As we get older, our immune systems weaken. When it comes to disease, that’s usually a bad thing. But a new study from the Wistar Institute in Philadelphia shows that older immune systems actually respond better to “checkpoint inhibitors,” immunotherapy drugs that help patients’ immune systems see tumors as foreign objects open to attack.
The study looked at the use of pembrolizumab, marketed under the brand name Keytruda, in more than 500 melanoma patients across the globe. Researchers found that, for each decade of life, the chances that a patient’s melanoma would advance dropped 13 percent.
It was the opposite of what they expected to find. A study published by the same team last year showed that older patients fared far worse when it came to therapies that targeted the mutation in the gene responsible for many melanoma cases. Older patients are also more prone to melanoma metastasis.
But the new study showed the very weaknesses in an older patient’s immune system actually make them more responsive to immunotherapy.
“It turns out that the immune system is full of a complex repertoire of cells,” said lead researcher Ashani Weeraratna, professor of immunology, microenvironment, and metastasis at the Wistar Institute. “It looks like not only do cells that promote immune response decline [with age], but also the cells that regulate them.”
Weeraratna is referring to regulatory T cells — also known as Tregs — that tend to suppress T cell response and interfere with checkpoint inhibitors. The researchers found that younger patients’ Tregs were more active, which may explain why the drugs did not work as well.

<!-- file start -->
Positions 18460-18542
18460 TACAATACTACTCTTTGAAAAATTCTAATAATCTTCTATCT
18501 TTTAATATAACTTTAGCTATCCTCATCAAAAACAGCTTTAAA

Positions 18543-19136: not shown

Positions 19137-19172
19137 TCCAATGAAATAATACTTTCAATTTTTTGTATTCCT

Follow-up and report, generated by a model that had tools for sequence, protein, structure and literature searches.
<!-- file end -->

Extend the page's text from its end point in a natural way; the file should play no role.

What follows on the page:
“It’s one of the first times we’ve seen something that we can say, ‘Look, older patients actually have a better chance of something positive happening,’ ” Weeraratna said.
That doesn’t rule out immunotherapy for younger patients. In their paper, the researchers showed that if they targeted and suppressed Tregs in young mice, they could enhance the immunotherapy response. That leaves the door open to a combination therapy in younger patients, though Weeraratna cautioned such an approach would need to be carefully studied to avoid negative side effects.
“Whenever you combine more than one immunotherapy with another, there’s a chance for increased toxicity,” she said.
The study looked only at Keytruda, so it is unclear whether other checkpoint inhibitors could perform differently in younger and older patients. The clinical outcomes could also have been influenced by other factors, including the number of genetic mutations, which tend to increase in older patients versus younger ones.
Still, melanoma researchers say this is intriguing data that ought to be studied further.
“What combination therapies will work might be different in younger and older patients,” said Jason Luke, assistant professor of medicine at the University of Chicago. “That’s actually a really interesting idea.”